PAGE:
The point is that we are thinking of the complex number "a+ bi" as a point in the xy-plane. a+ bi corresponds to the point (a, b). In polar coordinates, since \(\displaystyle x= r cos(\theta)\) and \(\displaystyle y= r sin(\theta)\), \(\displaystyle \frac{y}{x}= \frac{r sin(\theta)}{r cos(\theta)}= \frac{sin(\theta)}{cos(\theta)}= tan(\theta)\) so that \(\displaystyle \theta= arctan(\frac{y}{x})\) as long as x is not 0. Even for x= 0, since tan(\theta) goes to infinity as \(\displaystyle \theta\) goes to \(\displaystyle \pi/2\) and to negative infinity as \(\displaystyle \theta\) goes to \(\displaystyle -\pi/2\), we have \(\displaystyle \theta= \pi/2\) or \(\displaystyle \theta= -\pi/2\).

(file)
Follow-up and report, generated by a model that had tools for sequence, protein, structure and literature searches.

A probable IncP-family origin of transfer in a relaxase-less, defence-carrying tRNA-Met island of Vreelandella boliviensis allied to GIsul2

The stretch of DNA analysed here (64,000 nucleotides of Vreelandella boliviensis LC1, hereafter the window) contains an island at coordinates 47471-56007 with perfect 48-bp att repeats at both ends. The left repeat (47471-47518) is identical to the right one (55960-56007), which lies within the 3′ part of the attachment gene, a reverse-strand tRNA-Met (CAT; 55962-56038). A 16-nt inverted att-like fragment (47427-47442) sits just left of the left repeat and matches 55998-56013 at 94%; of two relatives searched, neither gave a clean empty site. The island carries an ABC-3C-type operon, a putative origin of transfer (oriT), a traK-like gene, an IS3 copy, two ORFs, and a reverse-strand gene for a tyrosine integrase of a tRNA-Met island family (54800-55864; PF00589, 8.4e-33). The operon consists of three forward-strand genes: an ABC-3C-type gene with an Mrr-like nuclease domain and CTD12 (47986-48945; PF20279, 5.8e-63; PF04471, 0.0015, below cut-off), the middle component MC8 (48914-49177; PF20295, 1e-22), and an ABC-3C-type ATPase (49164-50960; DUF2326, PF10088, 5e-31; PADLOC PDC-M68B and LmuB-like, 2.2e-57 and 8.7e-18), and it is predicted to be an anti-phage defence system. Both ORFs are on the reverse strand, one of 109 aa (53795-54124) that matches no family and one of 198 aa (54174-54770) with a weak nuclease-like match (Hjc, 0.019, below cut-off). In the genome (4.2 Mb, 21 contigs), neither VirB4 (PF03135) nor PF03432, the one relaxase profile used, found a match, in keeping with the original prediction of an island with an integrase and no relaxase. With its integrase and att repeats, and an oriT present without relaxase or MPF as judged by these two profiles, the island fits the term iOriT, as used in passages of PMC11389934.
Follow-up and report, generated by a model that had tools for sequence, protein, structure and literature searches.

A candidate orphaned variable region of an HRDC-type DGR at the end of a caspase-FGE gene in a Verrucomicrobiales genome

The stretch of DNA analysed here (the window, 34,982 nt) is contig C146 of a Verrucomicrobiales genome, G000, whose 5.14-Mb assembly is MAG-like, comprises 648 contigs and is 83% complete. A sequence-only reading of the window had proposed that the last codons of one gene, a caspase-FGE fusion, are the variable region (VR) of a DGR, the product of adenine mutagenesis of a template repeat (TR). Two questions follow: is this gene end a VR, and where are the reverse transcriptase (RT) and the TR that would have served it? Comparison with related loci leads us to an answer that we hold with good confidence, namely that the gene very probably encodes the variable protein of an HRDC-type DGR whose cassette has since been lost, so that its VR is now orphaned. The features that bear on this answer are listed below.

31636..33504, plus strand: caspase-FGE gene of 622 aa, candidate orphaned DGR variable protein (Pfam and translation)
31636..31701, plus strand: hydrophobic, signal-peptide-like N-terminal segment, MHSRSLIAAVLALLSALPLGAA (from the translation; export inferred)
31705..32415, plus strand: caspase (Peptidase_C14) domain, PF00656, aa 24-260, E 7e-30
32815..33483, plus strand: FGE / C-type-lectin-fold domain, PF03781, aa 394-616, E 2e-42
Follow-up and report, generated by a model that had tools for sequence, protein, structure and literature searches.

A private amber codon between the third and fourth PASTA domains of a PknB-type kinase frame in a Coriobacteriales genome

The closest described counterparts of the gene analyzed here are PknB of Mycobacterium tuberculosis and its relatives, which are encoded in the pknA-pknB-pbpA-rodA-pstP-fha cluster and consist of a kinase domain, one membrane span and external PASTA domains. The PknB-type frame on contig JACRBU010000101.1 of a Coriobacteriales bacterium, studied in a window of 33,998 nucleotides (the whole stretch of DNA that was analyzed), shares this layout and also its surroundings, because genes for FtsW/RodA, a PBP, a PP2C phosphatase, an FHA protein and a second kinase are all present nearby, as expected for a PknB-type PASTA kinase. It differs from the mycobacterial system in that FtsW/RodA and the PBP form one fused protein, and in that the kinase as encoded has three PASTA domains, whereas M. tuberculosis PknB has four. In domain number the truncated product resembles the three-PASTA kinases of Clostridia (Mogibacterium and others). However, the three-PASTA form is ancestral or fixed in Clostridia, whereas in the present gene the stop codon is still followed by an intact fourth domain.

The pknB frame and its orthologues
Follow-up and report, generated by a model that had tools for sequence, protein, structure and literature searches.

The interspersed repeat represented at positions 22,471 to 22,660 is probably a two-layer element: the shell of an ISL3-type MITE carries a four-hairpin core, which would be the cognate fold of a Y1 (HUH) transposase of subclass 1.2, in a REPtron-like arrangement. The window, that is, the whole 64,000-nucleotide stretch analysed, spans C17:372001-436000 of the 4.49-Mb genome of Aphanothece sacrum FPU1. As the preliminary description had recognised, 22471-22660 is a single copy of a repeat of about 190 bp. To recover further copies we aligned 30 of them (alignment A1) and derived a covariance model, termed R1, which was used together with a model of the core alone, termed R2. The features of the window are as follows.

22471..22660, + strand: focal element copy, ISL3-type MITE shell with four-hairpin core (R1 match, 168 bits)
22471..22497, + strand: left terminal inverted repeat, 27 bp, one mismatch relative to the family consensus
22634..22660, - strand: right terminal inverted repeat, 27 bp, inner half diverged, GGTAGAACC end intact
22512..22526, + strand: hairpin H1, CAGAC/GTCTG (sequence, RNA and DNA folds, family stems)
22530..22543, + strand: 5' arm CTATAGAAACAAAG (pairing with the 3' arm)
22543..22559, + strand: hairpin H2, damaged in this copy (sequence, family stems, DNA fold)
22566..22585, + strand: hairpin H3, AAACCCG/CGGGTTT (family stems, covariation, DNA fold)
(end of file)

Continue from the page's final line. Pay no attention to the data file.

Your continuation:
Since \(\displaystyle \theta\) is the angle the line from (0, 0) to (a, b) makes with the positive real axis, you should be able to see, without any calculation that (1) for any positive real number, \(\displaystyle \theta= 0\), (2) for any positive real number times i (like 2i or \(\displaystyle i\sqrt{3}\)) \(\displaystyle \theta= \pi/2\), (3) for any negative real number \(\displaystyle \theta= \pi\) (or \(\displaystyle -\pi\) since we can add or subtract any multiple of \(\displaystyle 2\pi\) and have the same position), (4) for any negative real number times i (like -2i or \(\displaystyle -i\sqrt{3}\)) \(\displaystyle \theta= 2\pi/2\) (or \(\displaystyle -\pi/2\)).